• Take dough out of bowl and toss it and shape it into a ball with your hands for a few minutes.
  • Place in a buttered bowl, cover with a damp dishtowel or plastic wrap and allow to rise for 2 hours.
  • Punch down the dough and allow it to rise again overnight (at least 6 hours) in the fridge.
  • Butter the soup cans and divide the dough amongst them. Cover with a damp towel or plastic wrap and allow to rise for 2 more hours.
  • Bake at 350 F for about 25-30 minutes. Immediately after removing from the oven, tap the bottom of the soup can to extract the bread. Running a knife around the edge can also help to loosen the bread.
  • Enjoy the brioche warm with (more!) butter and jam or use the bread to make french toast.

**Note: I’m not sure if it was the temperature or the humidity of my kitchen, but I ended up needing to add more flour in order for my dough to come together.

That poor little guy in the back is a tad mishapen. I blame it on the soup can.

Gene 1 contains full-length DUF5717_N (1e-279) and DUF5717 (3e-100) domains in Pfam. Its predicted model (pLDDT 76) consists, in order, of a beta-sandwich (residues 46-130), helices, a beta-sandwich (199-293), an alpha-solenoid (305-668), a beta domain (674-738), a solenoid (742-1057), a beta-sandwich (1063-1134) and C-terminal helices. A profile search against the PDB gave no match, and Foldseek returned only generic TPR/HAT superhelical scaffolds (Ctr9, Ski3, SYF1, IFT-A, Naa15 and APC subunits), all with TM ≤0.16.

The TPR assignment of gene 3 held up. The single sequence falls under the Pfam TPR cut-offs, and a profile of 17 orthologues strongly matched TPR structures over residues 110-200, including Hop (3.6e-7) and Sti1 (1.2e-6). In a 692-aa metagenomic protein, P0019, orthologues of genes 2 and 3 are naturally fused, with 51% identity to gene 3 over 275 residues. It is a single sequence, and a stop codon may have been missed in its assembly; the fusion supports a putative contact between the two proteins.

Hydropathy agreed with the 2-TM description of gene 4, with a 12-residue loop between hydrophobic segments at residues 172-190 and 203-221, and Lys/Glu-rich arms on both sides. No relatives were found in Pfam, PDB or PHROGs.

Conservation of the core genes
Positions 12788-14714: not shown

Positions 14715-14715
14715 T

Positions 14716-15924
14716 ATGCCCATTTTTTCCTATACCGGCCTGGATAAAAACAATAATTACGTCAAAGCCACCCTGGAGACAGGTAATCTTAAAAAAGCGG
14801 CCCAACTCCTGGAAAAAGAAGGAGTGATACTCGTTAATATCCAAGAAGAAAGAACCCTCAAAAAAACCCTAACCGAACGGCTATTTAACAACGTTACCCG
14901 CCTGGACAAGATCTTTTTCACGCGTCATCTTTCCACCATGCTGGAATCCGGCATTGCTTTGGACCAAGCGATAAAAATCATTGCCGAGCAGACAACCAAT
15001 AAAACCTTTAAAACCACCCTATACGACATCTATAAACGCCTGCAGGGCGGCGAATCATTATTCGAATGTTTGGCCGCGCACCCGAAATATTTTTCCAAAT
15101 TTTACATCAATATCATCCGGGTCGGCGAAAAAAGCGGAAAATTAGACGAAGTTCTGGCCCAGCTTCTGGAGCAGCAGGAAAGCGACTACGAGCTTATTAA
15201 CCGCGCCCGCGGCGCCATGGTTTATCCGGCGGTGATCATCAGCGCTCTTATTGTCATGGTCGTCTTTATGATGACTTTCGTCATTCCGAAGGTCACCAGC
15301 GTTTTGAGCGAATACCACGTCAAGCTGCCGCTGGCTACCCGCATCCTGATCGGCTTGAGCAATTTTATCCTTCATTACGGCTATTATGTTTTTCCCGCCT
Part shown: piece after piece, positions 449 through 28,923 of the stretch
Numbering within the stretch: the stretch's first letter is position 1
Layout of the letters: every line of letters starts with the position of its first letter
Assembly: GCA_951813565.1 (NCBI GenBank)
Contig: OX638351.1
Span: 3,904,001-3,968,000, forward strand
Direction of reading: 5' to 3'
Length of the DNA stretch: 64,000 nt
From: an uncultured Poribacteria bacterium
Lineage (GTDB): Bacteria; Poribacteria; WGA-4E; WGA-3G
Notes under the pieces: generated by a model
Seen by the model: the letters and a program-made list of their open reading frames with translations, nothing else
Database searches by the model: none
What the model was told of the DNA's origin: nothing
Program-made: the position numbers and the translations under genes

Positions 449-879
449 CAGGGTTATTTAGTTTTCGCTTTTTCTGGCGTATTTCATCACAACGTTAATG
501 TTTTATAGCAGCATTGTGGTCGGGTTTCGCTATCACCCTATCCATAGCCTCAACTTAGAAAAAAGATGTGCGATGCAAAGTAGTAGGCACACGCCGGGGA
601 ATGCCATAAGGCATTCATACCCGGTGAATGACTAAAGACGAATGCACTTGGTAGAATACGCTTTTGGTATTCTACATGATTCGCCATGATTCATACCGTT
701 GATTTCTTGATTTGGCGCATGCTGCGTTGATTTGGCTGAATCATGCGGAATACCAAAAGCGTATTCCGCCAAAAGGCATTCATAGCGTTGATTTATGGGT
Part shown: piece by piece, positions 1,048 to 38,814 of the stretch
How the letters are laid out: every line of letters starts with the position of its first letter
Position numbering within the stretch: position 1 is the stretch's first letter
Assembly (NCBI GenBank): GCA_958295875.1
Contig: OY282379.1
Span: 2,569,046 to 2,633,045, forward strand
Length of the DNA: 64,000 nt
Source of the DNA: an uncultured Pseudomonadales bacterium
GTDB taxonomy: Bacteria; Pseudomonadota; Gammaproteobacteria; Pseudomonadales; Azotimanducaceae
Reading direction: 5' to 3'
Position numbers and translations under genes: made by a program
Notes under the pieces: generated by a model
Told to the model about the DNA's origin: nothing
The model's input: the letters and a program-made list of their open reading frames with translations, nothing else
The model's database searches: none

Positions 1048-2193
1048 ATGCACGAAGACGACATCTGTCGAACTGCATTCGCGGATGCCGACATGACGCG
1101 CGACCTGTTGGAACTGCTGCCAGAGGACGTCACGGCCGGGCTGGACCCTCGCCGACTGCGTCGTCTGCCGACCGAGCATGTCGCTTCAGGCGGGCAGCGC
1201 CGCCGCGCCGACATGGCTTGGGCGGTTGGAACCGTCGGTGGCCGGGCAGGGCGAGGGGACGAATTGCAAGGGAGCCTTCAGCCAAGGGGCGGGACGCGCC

Yay! Butter.

As far as running goes, this has been a MUCH better week than last. After cross-training on Sunday and Monday, the calf felt good enough to hit the roads. 9 miles on Tuesday evening, 9 miles on Wednesday, and 10 miles this morning (Thursday). Huzzah! Dear left calf muscle – Thank you, Thank you, Thank you for healing! You done good.

What’s the most time or labor intensive recipe that you’ve ever made?

  • Wow, soup cans! Is it common (?) to make brioche in soup cans, or are you just being all DIY clever, here? This looks SO good.

    I was hardcore into baking in high school and made all sorts of time-intensive concoctions. I remember making some ridiculous strudel and having to use the entire kitchen table to stretch the dough out thin across it. Now I stick to quick cookies and breads, due to my own laziness and lack of ambition.

    Woot to the calf for cooperating!

  • My hubby and I made beef bourgiana (sp?). It took all day and tasted great!! It made waaay too much food just for the 2 of us. I also love making stuff in the crock pot. It does take all day, but not to much work.